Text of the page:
As for America, almost any masculine name can be used by a woman, but not vice versa. There are tons of names that started off as masculine names but now seem strange to varying degrees when used by a man – Aubrey, Adrian, Ginger, Stacy, Tracy, Christy, Lynn, Alexis, Vivian, Clare, Marion, Leslie, Connie, Robin, Rene, Julie, Evelyn, Gayle, Randy, Carey, Francis, Patsy, Shirley, Shelly, Nicky, Marty, Dana, Carol, Chandra, Nellie, Sandy, …

While they’re homophones, there are traditional male and female spellings of those names (though those “versions” certainly aren’t absolute, and many people may not know of, or follow, those naming distinctions):

Marion (male) / Marian (female)
Rene (male) / Renee (female)
Francis (male) / Frances (female)

I’m perfectly aware of these traditional differences in spelling (and I think you mean Frances for the last one), but I deliberately left them out because they’re essentially irrelevant these days. (They also existed to some extent for many of the other names as well – Lynne, Lesley, Carole, Adrianne, Vivianne, etc.) In modern American society, anyway, these spelling differences really don’t make much of a difference. When you hear the name “Carol” or “Lynn,” the automatic assumption is that it’s a woman, not “Hmm, I wonder if that’s spelled the masculine way or the feminine way?”

Yeah; fixed the spelling on review, and you were posting while I was doing so. :slight_smile:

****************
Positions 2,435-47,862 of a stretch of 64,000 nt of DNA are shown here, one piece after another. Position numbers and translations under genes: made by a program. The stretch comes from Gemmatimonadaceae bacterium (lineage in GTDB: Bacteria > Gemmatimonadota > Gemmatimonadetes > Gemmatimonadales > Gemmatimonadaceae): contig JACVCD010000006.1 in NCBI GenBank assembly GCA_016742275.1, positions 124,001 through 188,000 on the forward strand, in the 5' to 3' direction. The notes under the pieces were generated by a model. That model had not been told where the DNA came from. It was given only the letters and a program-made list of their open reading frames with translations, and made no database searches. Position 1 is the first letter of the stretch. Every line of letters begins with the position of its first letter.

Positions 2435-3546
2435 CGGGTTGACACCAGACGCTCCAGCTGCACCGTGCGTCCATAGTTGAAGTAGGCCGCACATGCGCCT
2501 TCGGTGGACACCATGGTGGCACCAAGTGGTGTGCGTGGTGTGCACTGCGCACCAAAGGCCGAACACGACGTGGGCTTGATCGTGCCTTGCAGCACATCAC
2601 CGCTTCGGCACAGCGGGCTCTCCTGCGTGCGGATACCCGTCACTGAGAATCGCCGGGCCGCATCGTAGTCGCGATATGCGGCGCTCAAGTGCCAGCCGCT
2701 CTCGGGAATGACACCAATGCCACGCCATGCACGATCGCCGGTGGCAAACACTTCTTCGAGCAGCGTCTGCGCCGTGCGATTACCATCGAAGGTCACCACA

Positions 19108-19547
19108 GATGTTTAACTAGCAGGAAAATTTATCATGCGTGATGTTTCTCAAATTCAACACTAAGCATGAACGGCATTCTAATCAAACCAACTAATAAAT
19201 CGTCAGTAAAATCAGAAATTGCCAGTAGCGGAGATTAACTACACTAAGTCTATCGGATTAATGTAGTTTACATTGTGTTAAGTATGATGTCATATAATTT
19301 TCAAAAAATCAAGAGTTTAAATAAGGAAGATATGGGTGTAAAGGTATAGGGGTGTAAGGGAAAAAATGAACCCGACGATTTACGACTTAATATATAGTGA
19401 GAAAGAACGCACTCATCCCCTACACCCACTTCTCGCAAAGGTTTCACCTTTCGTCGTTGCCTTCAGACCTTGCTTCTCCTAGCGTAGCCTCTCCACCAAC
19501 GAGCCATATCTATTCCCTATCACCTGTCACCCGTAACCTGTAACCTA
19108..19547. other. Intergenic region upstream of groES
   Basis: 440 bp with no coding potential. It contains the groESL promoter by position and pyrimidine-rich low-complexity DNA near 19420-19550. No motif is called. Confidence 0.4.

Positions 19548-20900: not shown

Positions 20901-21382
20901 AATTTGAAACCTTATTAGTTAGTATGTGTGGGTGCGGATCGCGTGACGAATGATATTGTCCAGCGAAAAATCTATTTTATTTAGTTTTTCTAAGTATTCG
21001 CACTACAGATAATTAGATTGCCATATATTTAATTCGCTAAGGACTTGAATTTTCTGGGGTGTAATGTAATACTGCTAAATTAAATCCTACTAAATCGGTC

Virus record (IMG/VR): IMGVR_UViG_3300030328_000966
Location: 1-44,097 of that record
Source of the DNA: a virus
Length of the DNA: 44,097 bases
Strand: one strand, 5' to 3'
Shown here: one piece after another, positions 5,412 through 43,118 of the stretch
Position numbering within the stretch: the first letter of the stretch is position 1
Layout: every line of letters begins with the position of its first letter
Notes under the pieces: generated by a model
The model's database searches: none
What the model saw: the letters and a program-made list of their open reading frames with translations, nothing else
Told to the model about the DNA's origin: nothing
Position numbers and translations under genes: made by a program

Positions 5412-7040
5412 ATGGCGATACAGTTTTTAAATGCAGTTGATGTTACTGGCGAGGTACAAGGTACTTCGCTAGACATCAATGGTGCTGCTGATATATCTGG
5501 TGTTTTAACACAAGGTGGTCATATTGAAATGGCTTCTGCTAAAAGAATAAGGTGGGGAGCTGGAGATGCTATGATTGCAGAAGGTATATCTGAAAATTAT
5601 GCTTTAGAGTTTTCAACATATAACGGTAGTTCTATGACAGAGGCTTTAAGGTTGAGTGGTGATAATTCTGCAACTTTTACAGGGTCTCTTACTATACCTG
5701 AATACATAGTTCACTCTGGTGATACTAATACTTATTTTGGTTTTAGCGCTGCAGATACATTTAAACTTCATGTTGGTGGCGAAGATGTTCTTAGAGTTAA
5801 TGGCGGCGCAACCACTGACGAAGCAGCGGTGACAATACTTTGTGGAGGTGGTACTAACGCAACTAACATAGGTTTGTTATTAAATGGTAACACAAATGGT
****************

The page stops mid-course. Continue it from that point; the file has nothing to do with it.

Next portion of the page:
Agreed on that point, for most of the ones you listed. Though, a few (Randy, Nicky, Marty) are, IME, usually nicknames for male names (Randolph, Nicholas, and Martin, respectively), and I don’t think have become particularly seen as “feminine” (though the full names, themselves, aren’t terribly common anymore).

I will also point out that most people really do not like being mistaken for a member of the other sex. They want to be easily identifiable as male or female.

Why do people on message boards use gender neutral “names”?

That’s why I said “to varying degrees.” Although, specifically, in the cases you point out, I no longer find it convenient to assume that Randy, Nicky, and Marty are diminutives for Randall, Nicholas, and Martin. In the circumstances I encounter, they’re just as likely to be feminine names, either standing alone, or as diminutives for names like Miranda, Nicole, and Martina.

Presumably because we can’t actually see or touch each other, and because we are generally trying not to reveal our actual identity. And possibly because it started out as overwhelming male, so the assumption was on the net = male. It’s a special case.

I’d assume any of those, or Francis, to be male in the absence of other information. An -i (or -es) ending to indicate the feminine.